In the fall of 2005, John Edwards sat down with a pad and pen and scrawled out three simple words: "I was wrong." It was nearly three years after he'd joined a Senate majority in voting to authorize war in Iraq. After an unsuccessful run as John Kerry's vice presidential candidate in the 2004 election, Edwards had returned home to North Carolina and watched as the war descended into chaos. Increasingly filled with regret, he concluded that the three-word confession would be the right way to start a Washington Post op-ed admitting his vote was a mistake.
But when a draft came back from his aides in Washington, Edwards's admission was gone. Determined, the senator reinserted the sentence. Again a draft came back from Washington; again the sentence had been taken out. "We went back and forth, back and forth," Edwards tells NEWSWEEK. "They didn't want me to say it. They were saying I should stress that I'd been misled." The opening sentence remained. "That was the single most important thing for me to say," Edwards recalls. "I had to show how I really feel." […]
Edwards's new commitment to authenticity may have real roots: in 2004, the candidate learned the hard way that too much caution can be fatal. When the Kerry campaign faltered, Edwards and his wife were convinced that a broad swath of competing consultants, offering conflicting advice, were largely to blame. "Consultants can make it hard to tell the truth," Edwards says. "They want you to be so cautious it makes it hard to say anything." Aides, who didn't want to be named discussing their boss's internal thinking, say he walked away from 2004 convinced that only strong, centralized decision making works in presidential campaigns.[…]
Aides saw a new confidence in Edwards after he publicly repudiated his war vote in November 2005.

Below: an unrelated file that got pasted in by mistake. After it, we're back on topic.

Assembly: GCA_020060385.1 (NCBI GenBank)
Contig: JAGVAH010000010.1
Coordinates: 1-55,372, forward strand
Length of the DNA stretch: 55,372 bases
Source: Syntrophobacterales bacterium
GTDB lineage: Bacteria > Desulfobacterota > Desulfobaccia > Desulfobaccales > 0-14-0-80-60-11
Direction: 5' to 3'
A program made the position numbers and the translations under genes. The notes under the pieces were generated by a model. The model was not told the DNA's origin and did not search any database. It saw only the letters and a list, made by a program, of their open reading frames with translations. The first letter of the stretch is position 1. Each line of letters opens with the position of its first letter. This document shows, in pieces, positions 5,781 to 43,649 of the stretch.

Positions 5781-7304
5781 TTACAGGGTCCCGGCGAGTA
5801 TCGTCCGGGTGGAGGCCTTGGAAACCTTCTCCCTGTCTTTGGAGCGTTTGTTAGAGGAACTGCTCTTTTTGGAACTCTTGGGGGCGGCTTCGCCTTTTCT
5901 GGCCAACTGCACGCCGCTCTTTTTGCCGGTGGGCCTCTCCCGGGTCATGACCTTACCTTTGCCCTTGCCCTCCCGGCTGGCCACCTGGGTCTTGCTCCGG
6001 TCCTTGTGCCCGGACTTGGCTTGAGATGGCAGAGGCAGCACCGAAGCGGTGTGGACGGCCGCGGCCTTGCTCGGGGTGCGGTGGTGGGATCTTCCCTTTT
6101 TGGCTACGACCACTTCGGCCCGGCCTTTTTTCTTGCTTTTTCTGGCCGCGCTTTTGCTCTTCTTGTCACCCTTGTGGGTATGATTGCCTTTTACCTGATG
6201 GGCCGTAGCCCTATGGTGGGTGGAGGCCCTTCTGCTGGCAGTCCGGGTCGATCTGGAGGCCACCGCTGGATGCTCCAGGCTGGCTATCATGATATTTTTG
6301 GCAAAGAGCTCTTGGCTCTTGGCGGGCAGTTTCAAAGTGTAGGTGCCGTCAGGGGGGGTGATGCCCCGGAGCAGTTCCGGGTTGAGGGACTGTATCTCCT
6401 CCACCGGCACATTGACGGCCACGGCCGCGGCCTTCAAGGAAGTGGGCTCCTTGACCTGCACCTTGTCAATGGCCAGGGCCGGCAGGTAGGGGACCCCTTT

(h/t to Atrios, who notes, "I think it's pretty clear to most of us that the primary reason Edwards as much traction as he is getting is because of 3 little words.")
It's a telling image: Edwards, sitting in North Carolina, watching that bit of honest and painful self-examination--too blunt and unambiguous to be reinterpreted later as political events might require--get dropped like a grenade every time he allowed it to be touched by people back inside I-495.
There's a world of difference between saying "I was wrong, and I take responsibility for that," and saying "I was wrong--and it's all George Bush's fault." (Hillary, I'm looking at you.)
(Typically, Newsweek doesn't bring up the Edwards story in order to consider the ways in which the political establishment--including not only the oversight-averse Congress but also Newsweek's own corporate cousins at NBC like Tim Russert and Andrea Mitchell--were much more willing collaborators than honest victims in the dishonest setup to Bush's War. Instead, the incident is included as part of an attempt to raise the silly question of whether Edwards' "new authenticity" is authentic, whatever that means.)
Speaking of Hillary, Kos has a post this morning on HRC's "Iraq problem," and wraps up with this not-even-remotely-conciliatory peroration:
I have no interest in giving a pass to those Democrats who aided and abetted Bush's mistakes, and I especially have no interest in giving a pass to those who demonstrate Bushian inability to offer self-reflection and admit that mistake. It's not a question of offering an "apology". I want acknowledgment of past mistakes.
These Democrats didn't just enable Bush's war, they sat by and let the Right Wing smear machine attack those of us who waged our lonely battles to prevent this disaster from happening. And while most of the candidates in the field have come around, Hillary remains the notable exception.
Those who have admitted their mistakes are now free to train their sights on the GOP. It doesn't absolve them from their terrible judgment, but it mitigates it. While it's best to not make a mistake in the first place, it's even worse to compound that mistake by refusing to come to terms with it.
Clinton doesn't have that. And what's worse, she has pretty much lost the window of opportunity to do so. After resisting for so long, she finds herself in the thick of the presidential primary (yes, even a year out) with no room to maneuver. If she suddenly reverses course and decides that yes, she'll take personal responsibility for her vote, it'll feed into the strongest anti-Hillary narrative -- that she's a panderer and will say what is most politically expedient at the moment.
It's a sad state of affairs, but Hillary has made her bed.
Kos makes a good point, by the way, that those congressional Democrats who supported the war also stood silently by while those Americans who got it right four years ago were called traitors, America-haters, terrorist-lovers, betrayers of our troops, and so on and on. The consequences of that are something for them to consider carefully, now that they're courting those same citizens' votes as candidates.